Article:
4. Energy and effort. Come on. You’ve got 13 guys. Find someone with a fire burning. Press. Get their legs moving. There is nothing to lose.

5. Transparency and access to Georgetown staff and players. Respectfully, keep reminding Georgetown to do better to stop alienating fans. As much as he wants to get back to practicing and recruiting, Ewing can’t afford to feel put out by answering questions. Pat’s “state secrets” joke is only funny if it’s not always true.


OK, there’s no need to feign optimism for Georgetown this year, but abandoning all hope is no help.

It should be pretty clear that fans are allowed to be angry about anything at all, but it really only makes sense to rage about things that are in the control of Ewing and the team moving forward. There is no time machine to go back and retool this roster or speed up to new recruits. The transfers are gone and the episode is over. I suggest watching other basketball games and trying to discern when team and player struggles are a result of poor talent or just limited practice in a pandemic. It’s not an easy year on any team.

Of course, I can’t tell any fan how to root for their favorite team, but maybe consider being a little more rational in one’s expectations—for the sake of the program’s future.

Our goals as fans might be to:

1. Keep Georgetown under the radar. If the Hoyas stink, let them stink. It’s a rebuild during a pandemic. There’s maybe one more game this year that Georgetown will not be an underdog. Let it be. No need to channel your passion for GU into Ewing Hatred this year. Stop tweeting and posting. If you need a release, tell your dog about it.

2. Try not to scare away any potential recruits. It’s laughable to think we can affect recruiting, but kids want to see a receptive fanbase. There’s no need to bad-mouth Ewing and Georgetown for things that are out of their control like slow chemistry development. We can focus on small improvements over the course of a year and we will get a better idea of what the team may look like in 2020-21. It just takes a Jeff Green or Otto Porter to pull things together, so consider that Aminu Mohammed or Chet Holmgren could catapult this program before you join in the “Fire Ewing” drum circle.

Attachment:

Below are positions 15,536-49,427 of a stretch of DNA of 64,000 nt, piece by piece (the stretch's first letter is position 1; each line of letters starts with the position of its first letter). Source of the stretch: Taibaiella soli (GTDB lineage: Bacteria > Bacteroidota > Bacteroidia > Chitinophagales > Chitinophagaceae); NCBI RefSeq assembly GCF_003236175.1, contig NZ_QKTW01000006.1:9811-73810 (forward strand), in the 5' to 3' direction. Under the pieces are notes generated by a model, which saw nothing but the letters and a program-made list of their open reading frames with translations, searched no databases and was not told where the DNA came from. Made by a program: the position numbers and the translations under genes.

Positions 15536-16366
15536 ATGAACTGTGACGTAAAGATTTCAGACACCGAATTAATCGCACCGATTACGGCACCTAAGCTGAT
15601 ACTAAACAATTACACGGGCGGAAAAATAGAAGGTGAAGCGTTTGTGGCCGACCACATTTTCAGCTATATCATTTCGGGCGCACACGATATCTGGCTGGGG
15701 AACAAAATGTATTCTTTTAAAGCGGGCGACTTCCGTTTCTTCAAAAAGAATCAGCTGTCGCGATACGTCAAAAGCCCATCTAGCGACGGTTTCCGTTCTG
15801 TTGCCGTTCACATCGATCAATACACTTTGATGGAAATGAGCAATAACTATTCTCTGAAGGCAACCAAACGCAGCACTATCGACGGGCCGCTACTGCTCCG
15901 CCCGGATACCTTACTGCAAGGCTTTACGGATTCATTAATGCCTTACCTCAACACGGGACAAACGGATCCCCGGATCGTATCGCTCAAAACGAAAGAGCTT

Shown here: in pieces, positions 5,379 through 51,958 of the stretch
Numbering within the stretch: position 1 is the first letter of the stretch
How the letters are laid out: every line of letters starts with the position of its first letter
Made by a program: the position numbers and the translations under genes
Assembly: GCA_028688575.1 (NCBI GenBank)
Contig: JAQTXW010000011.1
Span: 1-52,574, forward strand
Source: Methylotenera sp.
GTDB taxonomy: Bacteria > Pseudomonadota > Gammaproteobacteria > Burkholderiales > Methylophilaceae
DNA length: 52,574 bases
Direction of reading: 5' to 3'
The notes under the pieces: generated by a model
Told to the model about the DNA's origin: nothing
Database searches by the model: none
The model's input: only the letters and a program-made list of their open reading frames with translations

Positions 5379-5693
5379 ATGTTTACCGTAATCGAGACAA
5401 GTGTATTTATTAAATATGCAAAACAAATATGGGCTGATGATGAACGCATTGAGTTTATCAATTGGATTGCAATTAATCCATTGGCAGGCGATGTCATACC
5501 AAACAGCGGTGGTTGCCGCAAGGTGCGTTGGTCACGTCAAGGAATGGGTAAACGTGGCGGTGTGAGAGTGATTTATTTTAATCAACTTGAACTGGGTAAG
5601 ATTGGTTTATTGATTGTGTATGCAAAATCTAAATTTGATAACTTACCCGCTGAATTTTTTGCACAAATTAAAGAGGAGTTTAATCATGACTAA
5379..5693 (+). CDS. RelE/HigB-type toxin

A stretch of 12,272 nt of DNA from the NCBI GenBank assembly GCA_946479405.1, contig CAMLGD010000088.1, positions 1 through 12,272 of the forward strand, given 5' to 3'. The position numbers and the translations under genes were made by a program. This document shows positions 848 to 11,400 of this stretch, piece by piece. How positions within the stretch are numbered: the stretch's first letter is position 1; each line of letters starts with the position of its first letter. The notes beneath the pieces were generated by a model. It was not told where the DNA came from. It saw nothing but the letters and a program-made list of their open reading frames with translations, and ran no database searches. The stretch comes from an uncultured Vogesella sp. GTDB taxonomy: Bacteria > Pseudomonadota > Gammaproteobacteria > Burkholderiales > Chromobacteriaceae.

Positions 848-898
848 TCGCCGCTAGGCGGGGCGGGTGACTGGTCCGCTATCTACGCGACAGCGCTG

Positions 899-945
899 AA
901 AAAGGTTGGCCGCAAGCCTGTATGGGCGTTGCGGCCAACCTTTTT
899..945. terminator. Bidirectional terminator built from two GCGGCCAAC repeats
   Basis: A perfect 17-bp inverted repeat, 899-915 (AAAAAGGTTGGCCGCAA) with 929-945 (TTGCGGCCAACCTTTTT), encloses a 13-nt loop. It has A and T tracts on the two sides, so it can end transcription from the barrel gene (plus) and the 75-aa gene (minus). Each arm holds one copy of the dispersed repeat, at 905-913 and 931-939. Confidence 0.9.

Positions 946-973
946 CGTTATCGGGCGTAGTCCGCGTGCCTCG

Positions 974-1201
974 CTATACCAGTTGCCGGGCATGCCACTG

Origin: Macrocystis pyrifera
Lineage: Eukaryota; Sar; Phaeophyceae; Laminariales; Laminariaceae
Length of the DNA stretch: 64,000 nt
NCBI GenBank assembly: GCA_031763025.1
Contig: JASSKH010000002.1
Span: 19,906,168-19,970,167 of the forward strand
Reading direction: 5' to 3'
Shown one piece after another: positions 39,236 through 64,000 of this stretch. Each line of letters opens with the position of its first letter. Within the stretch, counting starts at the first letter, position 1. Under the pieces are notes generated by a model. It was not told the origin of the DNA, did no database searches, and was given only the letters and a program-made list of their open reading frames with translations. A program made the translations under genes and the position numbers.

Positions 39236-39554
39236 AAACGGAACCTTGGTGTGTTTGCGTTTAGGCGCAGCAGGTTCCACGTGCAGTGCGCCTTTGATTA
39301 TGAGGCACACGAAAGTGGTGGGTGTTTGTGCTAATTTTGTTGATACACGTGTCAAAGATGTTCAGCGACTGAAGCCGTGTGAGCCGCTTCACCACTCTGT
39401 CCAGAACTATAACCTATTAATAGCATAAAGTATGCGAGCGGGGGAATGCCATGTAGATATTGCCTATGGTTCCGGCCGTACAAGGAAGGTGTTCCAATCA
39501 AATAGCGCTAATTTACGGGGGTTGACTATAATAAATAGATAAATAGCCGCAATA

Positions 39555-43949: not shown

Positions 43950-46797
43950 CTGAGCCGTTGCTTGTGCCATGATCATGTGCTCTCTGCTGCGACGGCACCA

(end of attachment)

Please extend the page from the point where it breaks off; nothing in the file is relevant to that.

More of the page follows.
3. Support the guys in Blue & Gray. You’re a fan and this is a tough year for them. Show them support and appreciation, especially four-year players Jamorko Pickett and Jahvon Blair. They will have nice seasons and likely go on to professional careers. We know that the athletes like to play for Coach Pat—we’ve seen it and heard it enough. Support them. Remember, we are Georgetown.


My bottom line is that we need to distinguish what issues are due to COVID-19 limitations and what issues really are continuations of problems we’ve seen in three years of Ewing. Likewise, predictable speed bumps on the recovery from the defections do not always call for re-litigation of the December Defections. This season is far from excused, it just needs some patience and recalibration or perspective.

Still, part of being a Georgetown fan is to relish in the sadomasochism, so feel free to rage on!